When deadly conflict erupted in Abidjan, Ivory Coast, following the 2010 elections, Essan Emile Ako was living in a student dorm near the epicenter of the violence.
Ako was a master’s degree candidate in English linguistics with plans to pursue a PhD when a disputed election turned into a civil war. Caught in the middle of the chaos, Ako was forced to flee Abidjan to his village, where he remained for five months, during which time forces loyal to presidential candidate Alassane Ouattara and supported by France and the United Nations stormed the presidential residence, removing Laurent Gbagbo from power.
When Ako finally returned, he encountered a city in shambles.
Hundreds of civilians had been killed, banks and health centers were shut down, and there was an embargo on medical equipment — preventing medicine from being imported.
Ako turned to the radio waves to help his community reorganize and develop. He was named managing director of a community radio station called Radio Arc-en-ciel in the northern commune of Abobo in Abidjan — a poor and densely populated neighborhood of 1.5 million people struggling against the aftereffects of civil war.
Ako began organizing on-air community roundtables on topics such as forgiveness, reparation, and free and fair elections. He invited community and religious leaders as well as youth to participate to promote social cohesion and prevent future violence.
Then, in 2015, in the lead up to elections in October, Radio Arc-en-ciel received a $48,000 grant from the U.S. Agency for International Development’s Office of Transition Initiatives to expand its social cohesion work. With the new funds, the radio station organized 15 outdoor public radio shows for the community. The recorded shows — which attracted 300 to 500 people each — included music, dancing, and roundtable discussions with community leaders and electoral process experts.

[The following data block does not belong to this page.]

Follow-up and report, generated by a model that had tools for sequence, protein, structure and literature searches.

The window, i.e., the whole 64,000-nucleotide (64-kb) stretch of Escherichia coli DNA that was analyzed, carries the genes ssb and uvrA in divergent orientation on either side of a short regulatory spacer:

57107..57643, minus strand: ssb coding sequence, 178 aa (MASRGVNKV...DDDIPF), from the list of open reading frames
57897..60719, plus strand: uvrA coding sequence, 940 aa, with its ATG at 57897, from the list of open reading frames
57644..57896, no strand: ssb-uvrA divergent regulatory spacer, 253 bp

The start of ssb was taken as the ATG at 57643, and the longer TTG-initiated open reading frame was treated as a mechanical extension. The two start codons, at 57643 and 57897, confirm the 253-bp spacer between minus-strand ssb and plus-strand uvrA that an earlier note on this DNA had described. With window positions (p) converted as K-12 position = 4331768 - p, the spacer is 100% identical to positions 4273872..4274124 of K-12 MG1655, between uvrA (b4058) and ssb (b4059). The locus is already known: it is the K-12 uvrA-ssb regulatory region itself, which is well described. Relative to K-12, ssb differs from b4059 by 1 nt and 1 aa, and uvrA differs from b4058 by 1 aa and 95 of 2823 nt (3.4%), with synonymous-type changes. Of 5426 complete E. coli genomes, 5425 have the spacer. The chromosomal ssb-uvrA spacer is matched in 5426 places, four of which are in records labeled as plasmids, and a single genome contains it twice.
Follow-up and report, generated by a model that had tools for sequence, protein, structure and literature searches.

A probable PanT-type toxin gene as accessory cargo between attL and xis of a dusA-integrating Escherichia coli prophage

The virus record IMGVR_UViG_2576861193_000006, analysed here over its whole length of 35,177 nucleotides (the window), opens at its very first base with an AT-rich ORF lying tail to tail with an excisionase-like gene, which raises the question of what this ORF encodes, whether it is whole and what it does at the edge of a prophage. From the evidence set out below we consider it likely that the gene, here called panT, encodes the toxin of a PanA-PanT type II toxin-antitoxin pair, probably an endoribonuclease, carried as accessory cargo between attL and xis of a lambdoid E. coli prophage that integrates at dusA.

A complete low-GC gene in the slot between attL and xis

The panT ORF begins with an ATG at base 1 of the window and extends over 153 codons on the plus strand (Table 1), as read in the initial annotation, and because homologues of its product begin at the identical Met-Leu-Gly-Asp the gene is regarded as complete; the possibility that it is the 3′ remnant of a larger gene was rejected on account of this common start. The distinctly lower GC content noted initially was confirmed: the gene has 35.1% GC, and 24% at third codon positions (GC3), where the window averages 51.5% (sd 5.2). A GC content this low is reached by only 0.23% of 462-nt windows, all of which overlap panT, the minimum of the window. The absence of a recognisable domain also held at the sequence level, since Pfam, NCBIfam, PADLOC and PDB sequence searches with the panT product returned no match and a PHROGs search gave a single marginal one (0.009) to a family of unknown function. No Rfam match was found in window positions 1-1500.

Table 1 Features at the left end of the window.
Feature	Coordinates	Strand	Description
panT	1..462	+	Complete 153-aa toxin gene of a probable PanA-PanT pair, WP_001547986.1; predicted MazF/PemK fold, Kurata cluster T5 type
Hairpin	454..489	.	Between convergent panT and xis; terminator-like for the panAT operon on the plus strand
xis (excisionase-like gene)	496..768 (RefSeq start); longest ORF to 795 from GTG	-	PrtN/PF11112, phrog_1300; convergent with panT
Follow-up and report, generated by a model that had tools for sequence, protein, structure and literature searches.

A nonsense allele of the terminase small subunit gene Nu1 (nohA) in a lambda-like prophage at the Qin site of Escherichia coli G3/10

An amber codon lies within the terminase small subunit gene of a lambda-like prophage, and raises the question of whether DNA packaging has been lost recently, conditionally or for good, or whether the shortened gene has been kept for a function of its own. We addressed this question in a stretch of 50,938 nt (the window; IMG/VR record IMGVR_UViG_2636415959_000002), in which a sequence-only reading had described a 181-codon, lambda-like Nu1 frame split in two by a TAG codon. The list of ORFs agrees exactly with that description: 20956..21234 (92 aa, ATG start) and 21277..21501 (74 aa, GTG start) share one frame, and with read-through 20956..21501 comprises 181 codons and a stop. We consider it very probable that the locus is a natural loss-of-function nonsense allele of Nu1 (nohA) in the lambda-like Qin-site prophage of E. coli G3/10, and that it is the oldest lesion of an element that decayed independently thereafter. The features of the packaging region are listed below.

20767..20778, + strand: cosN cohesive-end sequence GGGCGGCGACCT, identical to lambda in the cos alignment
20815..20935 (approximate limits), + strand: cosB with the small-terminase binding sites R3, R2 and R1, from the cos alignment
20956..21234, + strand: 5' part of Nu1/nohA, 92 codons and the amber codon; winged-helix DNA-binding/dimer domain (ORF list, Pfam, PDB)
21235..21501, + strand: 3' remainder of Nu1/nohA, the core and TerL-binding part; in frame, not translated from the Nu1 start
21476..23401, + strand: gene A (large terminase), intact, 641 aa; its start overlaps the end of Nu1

Ako and his team also asked members of the community to convey their own messages in their own languages, and after gathering all the audio from the event they broadcast the show and those messages to the rest of the Abobo community.
Last month, Ivory Coast’s citizens went to the polls again. Ouattara won in a landslide victory in a presidential election reported to be free, fair and peaceful.
Devex sat down with Ako, now 28 years old, to discuss his work in radio and promoting democracy, as well as his home country. Below are highlights from our conversation.
Why do think radio and public communication is so important for promoting democracy?
Democracy is first and foremost about the population participating, the population having their say … in the public debate or in the political debate going on in the country … So we as a radio station, we organize public radio programing. And when we invite the population — they come and we give out a topic or we select a topic together — they feel like saying what they really want to say. And this [brings] the population together in having their say in the political debate going on. So radio is a really important tool. ... Also radio is one of the most spread and loved media in West Africa. So conveying messages about democracy, about participation … about liberty and freedom of expression and anything related to democracy through the radio is very powerful because the population will get the information clearer than any other medium.
Is radio more accessible than television? What about print publications?
Yes, radio is more accessible than television, because unfortunately in some parts of the country [people] don’t have access to television. They don’t even have electricity in some remote villages, but with radio you don’t need electricity — just batteries, or your cell phone and then you have your radio.